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Analysis and comments on I started Early -- Took my Dog -- by Emily Dickinson

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Comment 43 of 423, added on February 21st, 2008 at 11:11 AM.

‘Went past my simple Shoe – And past my Apron – and my Belt and past my
Bodice - too-‘This third stanza describes the actions of the lover as being
extremely erotic these sexual references makes it appear as though the
lover devours her body and the woman is being stripped it can be seen as a
very aggressive manner. The capitalisation of the items being stripped
makes the act seem very rough as though the woman is being treated as a
sexual object. On the other hand this sexual reference can be seen as a
very passionate moment for the woman as it can be viewed as arousing sexual
feelings and desire.

Salty from United Kingdom
Comment 42 of 423, added on May 23rd, 2007 at 11:06 AM.

this is a depressed woman!

kmn from United States
Comment 41 of 423, added on November 10th, 2006 at 4:50 AM.

Colombia's vice president is "baffled" by Kate Moss's success following
cocaine allegations...

Jaden Malone
Comment 40 of 423, added on April 13th, 2006 at 10:12 AM.

you all have a good idea about what the poems and i love to read ur ideas.


Alison from United States
Comment 39 of 423, added on January 19th, 2006 at 9:24 AM.

This is inspiering to me it give me a hope in sid that not one yet havs a
love for poetry that had not been yet found!!

*Cassie*-*Wilder* from United States
Comment 38 of 423, added on November 28th, 2005 at 11:10 AM.

i think this poem is tring to tell us that she is swiming and the water is
a around her. when she feels like a mouse it is because the ocean is so big
compared to her. when the water recedes it is becuase she is getting out of
the water

elizabeth from United States
Comment 37 of 423, added on November 13th, 2005 at 10:34 PM.

I think the poem could relate to God since He is always capitalized & his
faith is taking over creating her a new whole new person, or that the sea
could symbolize a man. She used to be a stiff character but he seems to
blow her away! & she falls in S2 with him, & becomes a whole new person, I
have a lot more to say but my mom is making me get off.

Jamie Katinok, 16 from United States
Comment 36 of 423, added on October 27th, 2005 at 2:43 PM.

This poem is about sex. It's extremely erotic, and despite E.D.'s
depression, she wrote a lot of sexual poems. The sea is a metaphor for a
man, (or a woman,) and the manner in which the "sea" devours her body--the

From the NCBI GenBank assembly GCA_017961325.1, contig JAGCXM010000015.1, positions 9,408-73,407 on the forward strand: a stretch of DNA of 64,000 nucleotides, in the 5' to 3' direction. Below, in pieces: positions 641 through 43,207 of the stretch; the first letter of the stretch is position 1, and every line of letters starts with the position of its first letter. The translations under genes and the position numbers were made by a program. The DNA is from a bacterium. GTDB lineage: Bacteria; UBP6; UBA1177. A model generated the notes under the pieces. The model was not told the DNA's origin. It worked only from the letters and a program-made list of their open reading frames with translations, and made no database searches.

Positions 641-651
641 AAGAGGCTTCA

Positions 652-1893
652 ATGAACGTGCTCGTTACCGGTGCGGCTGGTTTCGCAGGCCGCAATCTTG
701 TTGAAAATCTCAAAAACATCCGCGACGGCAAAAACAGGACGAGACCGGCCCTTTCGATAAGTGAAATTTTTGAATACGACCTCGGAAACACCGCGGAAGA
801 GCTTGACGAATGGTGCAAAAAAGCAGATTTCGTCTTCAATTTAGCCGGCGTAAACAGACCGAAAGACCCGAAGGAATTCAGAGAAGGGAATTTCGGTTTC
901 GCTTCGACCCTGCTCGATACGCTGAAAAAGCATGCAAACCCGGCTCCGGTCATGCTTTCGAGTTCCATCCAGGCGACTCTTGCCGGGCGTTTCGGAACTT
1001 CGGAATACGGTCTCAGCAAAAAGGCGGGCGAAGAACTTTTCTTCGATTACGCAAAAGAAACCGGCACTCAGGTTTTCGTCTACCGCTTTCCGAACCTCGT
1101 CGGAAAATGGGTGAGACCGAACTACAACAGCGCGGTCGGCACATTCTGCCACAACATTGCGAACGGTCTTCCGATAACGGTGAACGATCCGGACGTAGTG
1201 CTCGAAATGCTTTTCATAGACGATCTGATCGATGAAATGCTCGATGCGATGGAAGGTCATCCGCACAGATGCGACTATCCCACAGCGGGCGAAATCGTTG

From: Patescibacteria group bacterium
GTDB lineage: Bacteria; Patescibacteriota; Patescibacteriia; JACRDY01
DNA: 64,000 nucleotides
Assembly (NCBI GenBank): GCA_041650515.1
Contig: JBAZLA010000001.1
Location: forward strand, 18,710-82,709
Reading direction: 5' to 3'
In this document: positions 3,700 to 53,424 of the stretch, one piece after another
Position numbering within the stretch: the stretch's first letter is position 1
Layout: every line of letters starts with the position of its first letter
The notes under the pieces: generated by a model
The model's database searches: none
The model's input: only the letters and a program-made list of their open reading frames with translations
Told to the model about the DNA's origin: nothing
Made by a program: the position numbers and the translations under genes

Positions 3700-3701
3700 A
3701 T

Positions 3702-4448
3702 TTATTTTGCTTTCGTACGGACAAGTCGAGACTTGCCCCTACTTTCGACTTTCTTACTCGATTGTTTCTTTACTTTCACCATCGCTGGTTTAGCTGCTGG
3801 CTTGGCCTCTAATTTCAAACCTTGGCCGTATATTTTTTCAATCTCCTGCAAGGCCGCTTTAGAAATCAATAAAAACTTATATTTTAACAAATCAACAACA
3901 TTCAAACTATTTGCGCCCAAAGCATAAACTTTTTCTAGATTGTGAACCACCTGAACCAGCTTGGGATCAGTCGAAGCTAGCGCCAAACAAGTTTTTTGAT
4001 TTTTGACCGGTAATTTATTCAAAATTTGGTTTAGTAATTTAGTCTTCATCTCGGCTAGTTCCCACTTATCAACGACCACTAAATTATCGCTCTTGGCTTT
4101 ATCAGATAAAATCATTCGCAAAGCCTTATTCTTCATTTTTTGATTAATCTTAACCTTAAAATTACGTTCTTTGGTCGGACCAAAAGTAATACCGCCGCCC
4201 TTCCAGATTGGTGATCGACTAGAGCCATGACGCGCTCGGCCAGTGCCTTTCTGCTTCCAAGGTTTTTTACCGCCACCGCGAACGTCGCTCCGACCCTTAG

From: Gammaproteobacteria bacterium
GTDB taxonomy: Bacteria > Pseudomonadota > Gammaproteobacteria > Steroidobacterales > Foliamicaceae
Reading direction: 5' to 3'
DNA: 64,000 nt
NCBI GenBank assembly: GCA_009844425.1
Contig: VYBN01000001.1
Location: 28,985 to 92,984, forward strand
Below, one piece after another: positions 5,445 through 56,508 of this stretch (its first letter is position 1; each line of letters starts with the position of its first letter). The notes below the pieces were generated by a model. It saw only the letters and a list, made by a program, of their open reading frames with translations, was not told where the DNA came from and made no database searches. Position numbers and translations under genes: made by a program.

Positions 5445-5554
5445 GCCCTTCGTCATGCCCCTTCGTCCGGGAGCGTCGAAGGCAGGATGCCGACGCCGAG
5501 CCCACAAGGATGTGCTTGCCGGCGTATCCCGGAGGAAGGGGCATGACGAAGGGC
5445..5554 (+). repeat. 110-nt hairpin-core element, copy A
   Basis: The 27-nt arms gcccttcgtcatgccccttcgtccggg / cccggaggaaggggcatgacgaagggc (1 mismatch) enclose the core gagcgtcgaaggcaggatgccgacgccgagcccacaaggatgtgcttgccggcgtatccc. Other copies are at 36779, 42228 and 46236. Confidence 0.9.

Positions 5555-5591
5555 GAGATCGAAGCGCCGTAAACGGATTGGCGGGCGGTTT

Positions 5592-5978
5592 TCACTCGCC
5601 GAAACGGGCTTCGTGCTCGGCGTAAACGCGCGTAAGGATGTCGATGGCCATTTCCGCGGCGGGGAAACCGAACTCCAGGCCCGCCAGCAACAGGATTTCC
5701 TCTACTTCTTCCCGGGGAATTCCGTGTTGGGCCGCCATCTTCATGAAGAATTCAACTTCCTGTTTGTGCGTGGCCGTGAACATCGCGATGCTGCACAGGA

first man that ever moved her--is sensual. You can even find the climax in
the poem.

Trieste from United States
Comment 35 of 423, added on October 24th, 2005 at 12:55 AM.

this poem is sad, bcoz she is gona commit suicide. by the way sum of your
comments are funny!!

ashleigh from Australia
Comment 34 of 423, added on October 14th, 2005 at 7:36 AM.

In this poem Emily Dickinson is setting out to commit suicide.

The mermaids in the basement were some people living in the damp basement
watching her go.

The frigates were big important people living on the top floor. They too
watched her go in an unfriendly (hempen hands) disdainful way, making her
feel like a little mouse.

She uses the analogies "mermaids" and "frigates" because the sea is on her

No man stopped her, so she wades into the sea.

God was in the power of the sea, and it looked as though He was going to
devour her, but He decides to save her instead. He follows her, she felt
Him in the waves lapping round her ankles that reminded her of pearls, and
God's "silver heel"

She was washed back up on the shore "solid town" then God gave her a mighty
look and departed in the form of the sea.

This poem is about redemption, she sets out to commit suicide but is saved
to live another day. Emily Dickinson was depressed, she had Bright's
disease, she clearly fantasized about suicide all alone in her room dressed
in white, and that is what this poem is about.


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Information about I started Early -- Took my Dog --

Poet: Emily Dickinson
Poem: 520. I started Early -- Took my Dog --
Volume: Complete Poems of Emily Dickinson
Year: 1955
Added: Jan 9 2004
Viewed: 1343 times
Poem of the Day: Aug 15 2007

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